I also teach art and painting through various venues and programs around town. They say thebest way to really learn something is to teach it, right? Painting has taught me how to see colorsand how to look, how to observe, much better than if I didn’t paint. Someone said you think youknow something until you try to paint it. You have to look at something long and close beforeyou can paint it well. Quite an intimate exchange…one that demands a slowing-down and someloving attentiveness. One that, in my opinion, is quite worthwhile.

One of my favorite things to teach is basic color theory. Red, yellow, and blue can be mixed tocreate orange, purple, and green. It’s the color-wheel. Colors opposite each other on the color-wheel are “complementary”, which means they vibrate when they are next to each other, creatingsome visual intensity on a canvas. Purple and yellow. Blue and orange. Red and green.

When I think of “Red and Green”, the first thing that pops in my head is a traffic light. Redmeans stop. Green means go. We’re at the point of stopping one year and starting another.Maybe the color I’m in right now is more like yellow. I like to slow down, take a look back,glance forward, and then keep on keeping time. I don’t know exactly where I’ll be when theclock strikes midnight on December 31st, nor do I know what the year ahead holds. I have thisvague notion, though, that it will involve a whole lot of music-making and art. That’s what Ihope.

You know how to read, now learn how to be a reader

Tuesday, January 8th, 2013

That world is the tangible, paper laden, perfect bound industry that used to gallop along a very sturdyterrain where x amount of books went out from the printer, and less the purchased, stolen, or damaged,x amount when back to the warehouse. There were some variations in form— hardcover, paperback,the CD ROM at one point— and the occasional upset brought on by big box stores or the introduction ofPrint On Demand. But the ether we’re sticking our toes into now is a boundless, limitless, content drivenswimming pool with depths determined by metadata and riddled with more questions than answers.But the one certainty is that anyone who fancies themselves a reader or a cultural consumer should payattention to this sea change, and here are just some of the reasons why.

Fifty Shades of Grey : It is empowering and exciting to know that an author can take control over thecreation, distribution, and marketing of their own product. But the truth is the writing in the best sellingself-published book to date is nothing short of terrible and the “cultural impact” of the story will be feltby unsuspecting boyfriends, and producers of vinyl bustiers everywhere— and that’s it. We do know,however, that the in the digital age the middleman has to prove their worth, it’s no longer enough toown the technology and it’s not always necessary to have the capital. The music industry, in failingto suppress this change, at least proved to the rest of us that labels, imprints, and studios have to dosomething the creators cannot do or do it better. But the value of what they offer rests entirely on whatthe consumer wants. Meaning the less you, as a reader, invest in books that have cultural merit—whichrequires story development, thorough editing, rights clearance, marketing to push an intelligent storyout in front of soft porn, and much more— the less you’ll get. So pay attention to where the smartbooks come from and participate in making sure they continue.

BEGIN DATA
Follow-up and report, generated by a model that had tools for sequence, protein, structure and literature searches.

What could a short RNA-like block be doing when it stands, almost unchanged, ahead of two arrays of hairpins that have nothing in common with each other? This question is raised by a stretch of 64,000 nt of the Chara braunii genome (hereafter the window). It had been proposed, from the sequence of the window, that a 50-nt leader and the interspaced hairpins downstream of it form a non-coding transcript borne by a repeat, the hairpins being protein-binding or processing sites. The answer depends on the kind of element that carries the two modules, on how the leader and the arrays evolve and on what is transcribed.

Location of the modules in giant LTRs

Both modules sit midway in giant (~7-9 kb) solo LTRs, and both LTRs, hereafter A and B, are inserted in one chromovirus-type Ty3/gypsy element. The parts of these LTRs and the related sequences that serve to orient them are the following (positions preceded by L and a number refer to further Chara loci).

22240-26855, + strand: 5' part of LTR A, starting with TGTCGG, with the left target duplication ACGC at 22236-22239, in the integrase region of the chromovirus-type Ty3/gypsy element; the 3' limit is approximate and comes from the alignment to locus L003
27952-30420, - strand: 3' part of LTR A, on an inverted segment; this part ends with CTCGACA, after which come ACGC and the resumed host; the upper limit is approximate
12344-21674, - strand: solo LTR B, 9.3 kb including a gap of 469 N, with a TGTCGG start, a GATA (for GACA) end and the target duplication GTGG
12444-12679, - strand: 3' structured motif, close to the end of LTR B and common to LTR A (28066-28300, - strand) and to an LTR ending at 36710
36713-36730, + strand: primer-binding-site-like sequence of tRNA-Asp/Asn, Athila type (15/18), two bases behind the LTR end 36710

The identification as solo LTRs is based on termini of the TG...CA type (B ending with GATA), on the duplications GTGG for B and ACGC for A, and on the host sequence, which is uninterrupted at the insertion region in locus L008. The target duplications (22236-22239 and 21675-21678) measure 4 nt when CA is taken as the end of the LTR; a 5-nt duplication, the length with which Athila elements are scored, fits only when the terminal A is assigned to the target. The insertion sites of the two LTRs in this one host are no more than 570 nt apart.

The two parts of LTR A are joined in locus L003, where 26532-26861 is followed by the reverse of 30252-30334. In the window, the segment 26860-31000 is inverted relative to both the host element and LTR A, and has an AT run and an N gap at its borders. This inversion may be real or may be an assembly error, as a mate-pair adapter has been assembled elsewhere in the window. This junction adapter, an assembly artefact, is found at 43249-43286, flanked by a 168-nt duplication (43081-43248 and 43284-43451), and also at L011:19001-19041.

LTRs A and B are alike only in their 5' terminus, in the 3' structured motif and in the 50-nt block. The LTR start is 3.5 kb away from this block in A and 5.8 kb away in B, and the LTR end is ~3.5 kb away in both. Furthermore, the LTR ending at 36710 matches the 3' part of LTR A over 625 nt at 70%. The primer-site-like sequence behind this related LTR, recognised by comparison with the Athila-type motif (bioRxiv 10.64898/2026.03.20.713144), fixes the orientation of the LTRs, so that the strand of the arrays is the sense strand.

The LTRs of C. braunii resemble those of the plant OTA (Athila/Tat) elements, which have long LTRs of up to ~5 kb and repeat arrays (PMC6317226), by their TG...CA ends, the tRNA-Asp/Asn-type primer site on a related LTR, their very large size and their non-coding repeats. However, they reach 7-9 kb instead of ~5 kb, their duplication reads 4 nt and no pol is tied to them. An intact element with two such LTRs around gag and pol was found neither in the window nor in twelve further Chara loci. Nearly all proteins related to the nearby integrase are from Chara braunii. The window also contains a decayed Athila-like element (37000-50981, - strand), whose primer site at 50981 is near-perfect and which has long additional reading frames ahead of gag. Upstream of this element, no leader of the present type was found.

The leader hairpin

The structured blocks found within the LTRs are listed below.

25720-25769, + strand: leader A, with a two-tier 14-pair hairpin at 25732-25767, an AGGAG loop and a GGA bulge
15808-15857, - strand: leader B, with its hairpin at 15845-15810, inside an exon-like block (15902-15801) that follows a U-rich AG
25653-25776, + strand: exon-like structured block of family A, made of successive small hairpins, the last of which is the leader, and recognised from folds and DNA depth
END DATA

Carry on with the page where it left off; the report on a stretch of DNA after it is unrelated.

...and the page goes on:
Discount-mania: Online shopping has brought with it a world of discounts and deals that havecompletely changed the way we buy things. I adore getting something on sale. I feel like I’ve beatenthe system, I get to wear these beautiful shoes and spare myself the guilt of buying them at full price.But the profit margins for creative works, especially those produced by small outfits, are very slim. Andwhen you value your discount over what the work is really worth, you are telling the marketplace whereto set the bar. So when you chose to buy books from your local bookshop or directly (be it a print orebook) at full price you are electing to forgo coupon-mania to guarantee artists as writers get paid andsupported. You won’t get to see that on your Kindle or read it on the spines along your bookshelf butthe continuity of having access to work that matters will be evidence enough.

Like It Culture: When I first started seeing my friends “like” State Farm Insurance and Walmart onFacebook, I assumed they had switched jobs or experienced some remarkable customer service. ThenI wised up and realized they had been entering sweepstakes , but for a time I was gullible enough lettheir endorsement mean something to me. We all know now that “likes” aren’t always what theyseem, but the fact remains that the consumer has become the endorser—we don’t really need AstonKutcher telling us to buy Nikon Cameras, we need a best friend from high school posting about it–and most companies know this. Word of mouth via social media is a monstrously powerful thing, theconsumer has never before had so much influence. So while you’re retweeting Selena’s love letters toJustin Beiber, think about what you’re doing with all your power. Think about the impact you couldhave if you curated your likes and shares as carefully as you do your actual friends, the ones you seein real life. If you have the time to “like” it, share it, or +1 it, or whatever, remember that you’re beingwatched, not just by your wealth of online acquaintances but by anyone who will gain from and pay forthe knowledge. So maybe consider showing them what is worth seeing.